Have you struggled with your premarital promiscuous past? How have you embraced God’s way instead?

Same image as before...sized for Pinterest

WaitingTillMarriage.com – 4 Cool Statistics About Abstinence in the USAStatistic Brain – Abstinence StatisticsPubMed.gov – Trends in premarital sex in the United States, 1954-2003; Verily – Sex Regret Isn’t about Religious Guilt as Much as Biological Instincts, New Research Shows; Sutter Health Palo Alto Medical Foundation – Teen Attitudes Toward Sex; The National Marriage Project – Before I Do; Verily – Regret Is Not the Same as Slut-Shaming

52 thoughts on “Why You Feel Worse Than He Does about the Premarital Sex

  1. K J

    I am so grateful that I have pretty much no past to speak of and my husband has some but little. We talked enough of our pasts before we were married to acknowledge together that what’s in the past helped us get to where we are today, and God not only redeems but makes new. (We were open with each other, but I had no need to hear specifics and he told me what was on his heart but not too much or so much that I ever even think about it now.)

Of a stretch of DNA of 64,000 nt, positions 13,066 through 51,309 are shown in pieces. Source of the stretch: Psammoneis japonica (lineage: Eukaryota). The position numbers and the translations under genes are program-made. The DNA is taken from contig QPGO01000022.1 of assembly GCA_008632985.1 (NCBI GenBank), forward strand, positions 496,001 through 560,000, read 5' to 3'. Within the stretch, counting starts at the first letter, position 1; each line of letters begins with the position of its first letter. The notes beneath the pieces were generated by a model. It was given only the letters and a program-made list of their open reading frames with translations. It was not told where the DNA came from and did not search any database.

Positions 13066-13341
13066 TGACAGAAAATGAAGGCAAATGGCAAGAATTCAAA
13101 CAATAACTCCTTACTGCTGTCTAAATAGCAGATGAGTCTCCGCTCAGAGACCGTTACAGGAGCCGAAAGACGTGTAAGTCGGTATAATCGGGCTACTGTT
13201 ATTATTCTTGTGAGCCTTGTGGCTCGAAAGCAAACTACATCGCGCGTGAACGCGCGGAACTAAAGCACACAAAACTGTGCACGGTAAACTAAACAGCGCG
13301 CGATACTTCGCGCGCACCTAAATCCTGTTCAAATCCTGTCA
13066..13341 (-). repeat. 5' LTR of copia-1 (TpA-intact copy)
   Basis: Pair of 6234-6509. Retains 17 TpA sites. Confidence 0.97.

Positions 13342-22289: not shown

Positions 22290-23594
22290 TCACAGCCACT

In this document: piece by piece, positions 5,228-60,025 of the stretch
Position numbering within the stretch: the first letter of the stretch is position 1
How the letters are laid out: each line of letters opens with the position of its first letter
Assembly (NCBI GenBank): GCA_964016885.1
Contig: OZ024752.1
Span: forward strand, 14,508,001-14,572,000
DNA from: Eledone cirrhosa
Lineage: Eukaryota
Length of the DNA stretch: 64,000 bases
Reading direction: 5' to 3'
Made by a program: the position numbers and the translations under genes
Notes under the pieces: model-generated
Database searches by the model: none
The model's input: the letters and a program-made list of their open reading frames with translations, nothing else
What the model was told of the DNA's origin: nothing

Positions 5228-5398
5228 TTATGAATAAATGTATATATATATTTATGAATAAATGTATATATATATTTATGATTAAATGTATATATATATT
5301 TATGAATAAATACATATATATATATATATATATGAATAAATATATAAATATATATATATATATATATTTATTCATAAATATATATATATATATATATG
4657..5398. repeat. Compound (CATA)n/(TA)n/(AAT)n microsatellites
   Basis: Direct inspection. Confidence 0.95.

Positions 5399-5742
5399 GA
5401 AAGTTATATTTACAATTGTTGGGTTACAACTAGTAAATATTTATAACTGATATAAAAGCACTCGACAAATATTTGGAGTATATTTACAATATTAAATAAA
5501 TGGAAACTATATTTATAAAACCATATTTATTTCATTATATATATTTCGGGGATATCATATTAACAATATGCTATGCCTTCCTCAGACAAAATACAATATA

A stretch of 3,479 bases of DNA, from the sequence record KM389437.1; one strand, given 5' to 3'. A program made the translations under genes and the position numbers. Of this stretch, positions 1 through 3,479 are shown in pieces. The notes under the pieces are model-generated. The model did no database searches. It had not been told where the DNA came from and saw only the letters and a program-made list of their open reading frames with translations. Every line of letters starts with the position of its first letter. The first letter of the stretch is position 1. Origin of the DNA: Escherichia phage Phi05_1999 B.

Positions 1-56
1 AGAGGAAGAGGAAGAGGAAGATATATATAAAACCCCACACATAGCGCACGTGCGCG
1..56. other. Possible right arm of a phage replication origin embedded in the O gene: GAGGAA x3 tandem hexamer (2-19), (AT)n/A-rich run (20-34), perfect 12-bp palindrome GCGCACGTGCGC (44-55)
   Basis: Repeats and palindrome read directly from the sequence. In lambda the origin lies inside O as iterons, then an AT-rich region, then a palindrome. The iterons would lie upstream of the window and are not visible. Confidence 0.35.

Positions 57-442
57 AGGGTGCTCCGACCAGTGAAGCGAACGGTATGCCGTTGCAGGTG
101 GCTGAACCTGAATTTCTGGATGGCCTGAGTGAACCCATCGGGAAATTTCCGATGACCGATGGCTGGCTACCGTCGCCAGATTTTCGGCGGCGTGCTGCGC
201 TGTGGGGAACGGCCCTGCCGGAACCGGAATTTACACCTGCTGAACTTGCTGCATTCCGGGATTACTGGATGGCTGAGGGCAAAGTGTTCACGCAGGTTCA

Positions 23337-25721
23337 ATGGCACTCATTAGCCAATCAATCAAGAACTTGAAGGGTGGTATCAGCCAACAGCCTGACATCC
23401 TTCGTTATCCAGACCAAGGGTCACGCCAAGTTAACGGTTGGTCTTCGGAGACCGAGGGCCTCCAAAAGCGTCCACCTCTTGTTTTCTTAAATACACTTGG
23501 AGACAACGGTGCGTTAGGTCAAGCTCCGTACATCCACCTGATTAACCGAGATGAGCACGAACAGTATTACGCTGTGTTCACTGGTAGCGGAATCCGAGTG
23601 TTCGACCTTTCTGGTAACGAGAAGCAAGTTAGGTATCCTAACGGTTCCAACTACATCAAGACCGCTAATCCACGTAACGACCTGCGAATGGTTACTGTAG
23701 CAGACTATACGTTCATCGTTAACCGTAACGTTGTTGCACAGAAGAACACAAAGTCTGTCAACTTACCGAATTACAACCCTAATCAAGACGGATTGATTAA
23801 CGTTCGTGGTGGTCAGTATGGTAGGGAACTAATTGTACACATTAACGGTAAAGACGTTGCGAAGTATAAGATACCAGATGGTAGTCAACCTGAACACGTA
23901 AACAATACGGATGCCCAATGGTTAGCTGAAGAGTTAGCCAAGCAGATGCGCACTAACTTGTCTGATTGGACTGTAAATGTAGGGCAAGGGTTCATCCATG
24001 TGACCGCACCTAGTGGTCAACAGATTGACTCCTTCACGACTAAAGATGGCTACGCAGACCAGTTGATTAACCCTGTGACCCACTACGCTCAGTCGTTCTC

Reply
  2. Gracie

    I love your thoughts on this, J, and so appreciate what you’ve written here, especially the Bible verses you used. I know you can’t put in all the ones you like, but this is one that has been an encouragement to me:
    “There is therefore now no condemnation for those who are in Christ Jesus.” Romans 8:1

    For me, childhood sexual abuse (statutory) led to a several year long mutual relationship with my abuser. Thankfully, the Lord saved me out of that relationship (I was already a believer) and He has graciously led me a wonderful, godly and supportive man who is now my husband.

    It’s been decades, but I still have dreams and flashbacks and regrets. Like you, I know it’s behind me, that it does not define me, that the blood of Christ covered it, *but*, it’s still ‘there’ for me.

    My husband and I have an amazing sex life, although there have been many hard things we’ve had to go through to get us here. I wish I had a “switch” to turn off the pain of my past, but I don’t. However, it has been worth every effort to work through it, and get as far beyond it as I can.